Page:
Clare Booth Luce

It was made into a movie in 1939 with MGM’s biggest female stars who were under contract with the studio at the time. Joan Crawford was one of them. She didn’t want to play the role of mistress Crystal Allen, but it turned out to be a great career move for her.

Joan Crawford-The Women

Eva Mendes played the part of Crystal in the remake but was fairly toothless compared to Crawford’s maneater:

Eva Mendes as Crystal Allen

Norma Shearer was perfectly cast in the role of good-girl-done-wrong Mary Haines. She had a great house in the original movie, too. Let’s take a look at it while we’re at it!

The Women original-Mary Haines' dining rm

Rosalind Russell played Sylvia Fowler, and it was her first comedic role. Her next movie was the classic screwball comedy His Girl Friday with Cary Grant, one of my all-time favorites. I’ve seen it so many times, I could probably recite it from memory…

I love the corner window seat at the base of Mary’s stairs. The windows are lined with open shelves:

The Women original-Mary Haines' stairs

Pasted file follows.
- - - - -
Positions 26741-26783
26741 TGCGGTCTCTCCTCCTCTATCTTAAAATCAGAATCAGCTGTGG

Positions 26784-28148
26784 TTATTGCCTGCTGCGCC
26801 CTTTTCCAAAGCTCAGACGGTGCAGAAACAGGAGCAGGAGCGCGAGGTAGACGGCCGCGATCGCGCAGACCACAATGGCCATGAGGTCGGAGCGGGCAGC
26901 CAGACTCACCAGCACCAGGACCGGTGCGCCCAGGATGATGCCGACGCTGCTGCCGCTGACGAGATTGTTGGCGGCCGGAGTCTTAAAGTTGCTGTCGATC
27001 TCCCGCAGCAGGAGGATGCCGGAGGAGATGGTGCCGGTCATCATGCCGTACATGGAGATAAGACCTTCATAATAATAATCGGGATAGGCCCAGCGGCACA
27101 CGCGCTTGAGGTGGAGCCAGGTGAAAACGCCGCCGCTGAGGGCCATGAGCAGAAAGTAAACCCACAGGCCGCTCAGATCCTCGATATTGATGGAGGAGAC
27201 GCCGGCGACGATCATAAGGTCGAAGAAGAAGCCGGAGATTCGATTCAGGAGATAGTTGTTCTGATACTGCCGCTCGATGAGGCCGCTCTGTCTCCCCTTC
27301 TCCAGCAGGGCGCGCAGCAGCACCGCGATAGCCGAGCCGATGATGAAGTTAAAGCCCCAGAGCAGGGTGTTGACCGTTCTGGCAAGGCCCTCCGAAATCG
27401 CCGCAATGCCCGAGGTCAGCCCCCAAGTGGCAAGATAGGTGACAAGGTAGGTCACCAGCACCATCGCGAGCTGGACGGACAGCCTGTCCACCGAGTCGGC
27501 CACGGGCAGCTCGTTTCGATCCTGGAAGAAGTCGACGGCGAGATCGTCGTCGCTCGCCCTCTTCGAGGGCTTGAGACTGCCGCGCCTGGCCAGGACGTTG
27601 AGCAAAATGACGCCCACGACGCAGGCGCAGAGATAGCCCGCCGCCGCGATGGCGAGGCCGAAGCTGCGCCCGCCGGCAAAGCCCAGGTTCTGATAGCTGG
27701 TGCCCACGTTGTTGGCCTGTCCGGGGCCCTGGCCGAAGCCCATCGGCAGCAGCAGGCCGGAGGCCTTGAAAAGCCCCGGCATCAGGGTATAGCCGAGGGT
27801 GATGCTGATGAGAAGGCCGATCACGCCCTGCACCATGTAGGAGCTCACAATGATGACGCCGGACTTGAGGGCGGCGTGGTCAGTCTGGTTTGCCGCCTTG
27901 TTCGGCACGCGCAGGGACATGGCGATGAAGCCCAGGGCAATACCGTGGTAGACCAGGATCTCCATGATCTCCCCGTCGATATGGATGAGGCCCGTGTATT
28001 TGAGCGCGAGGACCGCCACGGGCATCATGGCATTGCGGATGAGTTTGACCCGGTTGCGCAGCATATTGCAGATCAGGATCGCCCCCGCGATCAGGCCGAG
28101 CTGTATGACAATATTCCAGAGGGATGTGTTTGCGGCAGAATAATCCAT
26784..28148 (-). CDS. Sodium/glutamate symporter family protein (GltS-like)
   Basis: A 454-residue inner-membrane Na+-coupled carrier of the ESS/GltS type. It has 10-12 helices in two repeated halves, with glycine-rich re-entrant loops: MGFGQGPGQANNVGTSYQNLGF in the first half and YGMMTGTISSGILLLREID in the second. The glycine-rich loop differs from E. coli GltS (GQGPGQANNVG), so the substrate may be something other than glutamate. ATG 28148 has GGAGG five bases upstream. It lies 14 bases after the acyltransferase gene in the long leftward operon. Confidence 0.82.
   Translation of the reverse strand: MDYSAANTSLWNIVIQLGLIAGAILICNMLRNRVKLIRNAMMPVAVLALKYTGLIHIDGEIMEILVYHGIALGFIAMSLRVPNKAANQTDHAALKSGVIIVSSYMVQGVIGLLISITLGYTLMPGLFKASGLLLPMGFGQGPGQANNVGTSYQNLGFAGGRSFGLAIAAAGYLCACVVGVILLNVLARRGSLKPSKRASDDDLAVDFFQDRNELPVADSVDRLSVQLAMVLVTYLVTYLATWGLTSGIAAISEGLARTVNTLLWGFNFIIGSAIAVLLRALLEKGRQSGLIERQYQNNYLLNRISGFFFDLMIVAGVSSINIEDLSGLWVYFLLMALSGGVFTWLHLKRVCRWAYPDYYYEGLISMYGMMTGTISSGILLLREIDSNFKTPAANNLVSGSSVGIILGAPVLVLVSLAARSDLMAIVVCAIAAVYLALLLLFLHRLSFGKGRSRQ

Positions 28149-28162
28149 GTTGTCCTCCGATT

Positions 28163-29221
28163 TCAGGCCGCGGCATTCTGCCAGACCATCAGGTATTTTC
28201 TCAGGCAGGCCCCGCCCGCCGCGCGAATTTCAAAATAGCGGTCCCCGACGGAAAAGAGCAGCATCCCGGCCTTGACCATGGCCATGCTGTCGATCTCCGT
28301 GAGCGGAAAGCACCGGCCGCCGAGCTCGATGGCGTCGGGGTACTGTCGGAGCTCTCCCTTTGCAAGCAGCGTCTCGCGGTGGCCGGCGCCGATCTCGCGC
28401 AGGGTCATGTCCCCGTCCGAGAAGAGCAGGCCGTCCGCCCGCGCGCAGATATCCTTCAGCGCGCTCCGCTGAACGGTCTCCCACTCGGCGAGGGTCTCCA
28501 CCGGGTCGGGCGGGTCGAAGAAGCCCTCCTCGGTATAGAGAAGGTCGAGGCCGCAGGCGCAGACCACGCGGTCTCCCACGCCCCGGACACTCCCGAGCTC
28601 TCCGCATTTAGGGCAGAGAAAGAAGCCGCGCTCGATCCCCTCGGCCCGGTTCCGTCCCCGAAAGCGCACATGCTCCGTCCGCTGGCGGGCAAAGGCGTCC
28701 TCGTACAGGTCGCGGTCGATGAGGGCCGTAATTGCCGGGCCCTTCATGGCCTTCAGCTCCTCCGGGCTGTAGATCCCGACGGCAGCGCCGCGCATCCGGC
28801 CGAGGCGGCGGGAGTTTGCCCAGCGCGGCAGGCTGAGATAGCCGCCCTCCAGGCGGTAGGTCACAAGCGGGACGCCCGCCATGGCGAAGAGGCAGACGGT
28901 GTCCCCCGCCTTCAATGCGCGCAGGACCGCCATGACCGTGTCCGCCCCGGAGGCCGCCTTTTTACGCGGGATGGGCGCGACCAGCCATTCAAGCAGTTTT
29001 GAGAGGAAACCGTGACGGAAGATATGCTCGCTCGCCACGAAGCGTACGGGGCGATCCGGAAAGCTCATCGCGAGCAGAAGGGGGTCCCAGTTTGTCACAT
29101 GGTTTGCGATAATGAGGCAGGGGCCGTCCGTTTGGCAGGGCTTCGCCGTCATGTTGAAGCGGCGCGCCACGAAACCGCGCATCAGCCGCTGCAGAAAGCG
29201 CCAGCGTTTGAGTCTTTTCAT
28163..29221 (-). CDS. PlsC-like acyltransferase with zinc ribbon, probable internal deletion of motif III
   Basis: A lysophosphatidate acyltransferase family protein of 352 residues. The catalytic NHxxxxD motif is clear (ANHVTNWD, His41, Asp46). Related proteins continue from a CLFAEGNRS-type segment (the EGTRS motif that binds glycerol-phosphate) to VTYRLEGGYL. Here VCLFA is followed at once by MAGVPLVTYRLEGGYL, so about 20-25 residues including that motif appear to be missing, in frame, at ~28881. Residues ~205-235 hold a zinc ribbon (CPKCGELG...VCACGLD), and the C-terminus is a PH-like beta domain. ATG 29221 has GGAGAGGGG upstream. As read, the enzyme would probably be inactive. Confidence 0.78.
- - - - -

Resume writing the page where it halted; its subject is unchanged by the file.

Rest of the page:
In the play, there was a lesbian character that didn’t make it into the original movie. Diane English revived the character and developed Alex more thoroughly for the remake (played by Jada Pinkett Smith).

The Women original-Mary Haines-kitchen

*UPDATE*

The real house that the 2008 version of The Women was filmed in is now on the market and you can see the listing photos here. It confirmed my suspicions that the movie was filmed on location in the house and not on a separate soundstage.

Julia-simple-teal-signature2

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Comments

  1. says

    This is a great post Julia, I watched this movie and I am not sure what I thought of it!?! I did like that if you pay attention to the credits at the end, literally every person involved with the film was a women! The house is quite grand and beautiful on the outside, but I’m not totally sold on the inside. I never noticed the Dove commercial before!!
    .-= Nancy@marcusdesign´s last blog ..{thanks for the award!} =-.

  2. Kim says

    What a great post. I agree with Nancy. This house is grand and beautiful on the outside, but I expected more from the inside. I love the Home Alone house much more then this home.

    I love the 2nd house. It has charm and elegance.

  3. says

    Now I want to see this movie to see more of the house.
    I’ll have to come back to see Meg Ryan’s house tomorrow.
    She is one of my favorite actresses.

    Becky K.
    .-= Becky K´s last blog ..Prayers Appreciated =-.

  4. Freddi says

    Julia,
    I found your website last night and I could not pull away and go to bed. I typically just read a blog but never interact, but I just had to wish you well and tell you how much fun I had. Your bad MLS listings took me over the top. As for the current house: I want a screened porch like that!!!